Sunday, May 04, 2008

Just Another Weekend at the Oregon Coast


Well, I'm back. I had a great time.

I'm still processing all the stuff that went on in my head during two full days of doing nothing but staring at the ocean. I don't feel like I had any particular clarification on the career front (though I did have one or two new ideas). Instead, what dominated my short time away were the concepts introduced to me in the book Listening for the Heartbeat of God.

In about a month, my parish is hosting a lecture on Celtic spirituality with an eminent local expert. It's partly my brainchild, because I have been pushing almost since the day I arrived to establish a regular lecture series as a means of both community outreach and improving the adult formation opportunities. Fortunately, a couple of other folks had similar ideas, so I had help and support. Our initial topic was chosen because one of the projects the rector is pursuing on his sabbatical is a pilgrimage to Ireland, and we thought it would be nice for the congregation to mirror that in some way. (Wasn't my idea; can't take any credit for that one.)

Our speaker recommended this book as a good overview of the subject, so we bought several copies and are selling them off as a fundraiser for an upcoming women's retreat. Since I helped organize the lecture, I figured I'd better read the book and reserved this weekend for it.

What is Celtic spirituality? I had no idea. For all I knew, it was Guinness at the Eucharist.

In short, it is seeing and sensing the presence of God in all of creation, and believing in the inherent goodness of all things; it is taking seriously John's proposition that "in him was life, and the life was the light of all people."

These weren't new ideas for me; in fact, this is the way I have always related to God. Still, reading about it opened up opportunities for deeper reflection and exploration. Being suddenly conscious that I move in this way -- and moreover, that many Christians do not -- has helped me to see why I come at certain issues from a different direction. I'm sure there will be more on this later; for now, I'm off to a local gay blogger meet-up organized by man-about-town SMB.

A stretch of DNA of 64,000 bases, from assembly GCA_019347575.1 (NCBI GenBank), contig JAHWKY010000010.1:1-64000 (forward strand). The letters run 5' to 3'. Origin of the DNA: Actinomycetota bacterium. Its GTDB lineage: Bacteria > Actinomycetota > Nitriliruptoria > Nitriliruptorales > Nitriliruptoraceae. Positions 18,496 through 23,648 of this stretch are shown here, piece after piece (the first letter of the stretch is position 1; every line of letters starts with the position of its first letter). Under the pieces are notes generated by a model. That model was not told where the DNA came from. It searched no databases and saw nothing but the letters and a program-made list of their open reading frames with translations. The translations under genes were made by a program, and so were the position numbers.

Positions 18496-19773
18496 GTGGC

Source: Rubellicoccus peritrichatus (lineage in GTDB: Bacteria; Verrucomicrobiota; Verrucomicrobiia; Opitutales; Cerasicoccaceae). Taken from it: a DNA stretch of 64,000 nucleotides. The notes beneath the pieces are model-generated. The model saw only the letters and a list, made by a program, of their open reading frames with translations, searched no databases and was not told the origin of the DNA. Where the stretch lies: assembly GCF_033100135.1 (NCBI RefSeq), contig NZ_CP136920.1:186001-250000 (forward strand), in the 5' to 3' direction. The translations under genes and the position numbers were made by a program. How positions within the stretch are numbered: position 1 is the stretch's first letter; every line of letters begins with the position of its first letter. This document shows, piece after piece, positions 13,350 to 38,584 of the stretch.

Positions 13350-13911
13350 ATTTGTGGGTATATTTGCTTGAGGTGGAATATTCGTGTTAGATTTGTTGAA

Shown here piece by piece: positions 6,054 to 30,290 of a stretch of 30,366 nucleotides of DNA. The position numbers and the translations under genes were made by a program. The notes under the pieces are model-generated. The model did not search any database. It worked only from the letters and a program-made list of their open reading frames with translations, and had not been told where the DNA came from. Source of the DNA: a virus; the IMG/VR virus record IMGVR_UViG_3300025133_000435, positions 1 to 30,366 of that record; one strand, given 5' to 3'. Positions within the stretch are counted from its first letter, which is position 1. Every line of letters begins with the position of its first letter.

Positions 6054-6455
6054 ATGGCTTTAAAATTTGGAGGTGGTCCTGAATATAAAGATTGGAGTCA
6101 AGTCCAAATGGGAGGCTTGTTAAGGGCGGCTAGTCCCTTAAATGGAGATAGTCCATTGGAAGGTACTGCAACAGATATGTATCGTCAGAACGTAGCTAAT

I'll have more to share about my time at the coast, too, including some great pictures. Other than coming home to get some cat-love, I really didn't want to come back.

1 comment:

kr said...

Celtic spirituality: some of my most frustrating moments in theatre were spent watching Brian Friel's "Dancing at Lughnasa": two really good productions I've seen (high quality college, Equity house) had completely missed the heart of the matter--any play deeply about the Irish HAS to have the deep spiritual center. I saw a year or two later (when the play owners let the peons have legal access) a decidedly amateur production that was much more satisfying, because it was very nearly properly centered, and that made up for lacks in the set etc. (and a few lacks in the acting ;) ).

Similar experience watching "Crowns"--another phenomenal script (I love love LOVE that show), which, like "Lughnasa," specifically ties historical pagan spirituality to 20th c Christian life; African American Christians are another cultural group that simply CANNOT be properly represented if you are not willing to present(/capable of presenting) the incredible depth and constancy of their spiritual Life. The production got all the emotions right ... but none of the actors was ever a member of "one of those churches" (they were specifically asked one day), and I could tell. They poured their hearts into their roles, and it was beautiful in a very humanistic, here and now way ... but there was more heart they just didn't, for whatever reason, access, and the show lacked the deepest resonances as a result.

Sigh.

It was tragic to me that such great scripted presentations of those peoples could lose so much in translation to the stage, and especially tragic that the translators (and most of the audiences) clearly had NO idea anything had been lost at all. : (.

On a last theatre-y note, I was INFINITELY irritated when I saw "Lord of the Dance" on TV and Flatterly came out leaping like a stag, CLEARLY in the role of the Horned God, and wasn't wearing HORNS. I mean, I know it's a bit chancy to connect this now-nationalistic Irish dancing with the pre-Christian pagan stuff, but to be so obvious and then obscure it ... ! Again, the Celtic spirituality, the holiness in all things, cut short of a full presentation. Argh. (Perhaps he didn't know he was invoking the Horned God ... but SOMEBODY on the production staff MUST have seen it! They were Irish! Argh!)

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Probably this sense/understanding is why you and I have many theological commonalities.

I am surprised that you knew nothing of Celtic spirituality. And I wonder why I know so much ;). I guess Irish blood runs as strong as they say.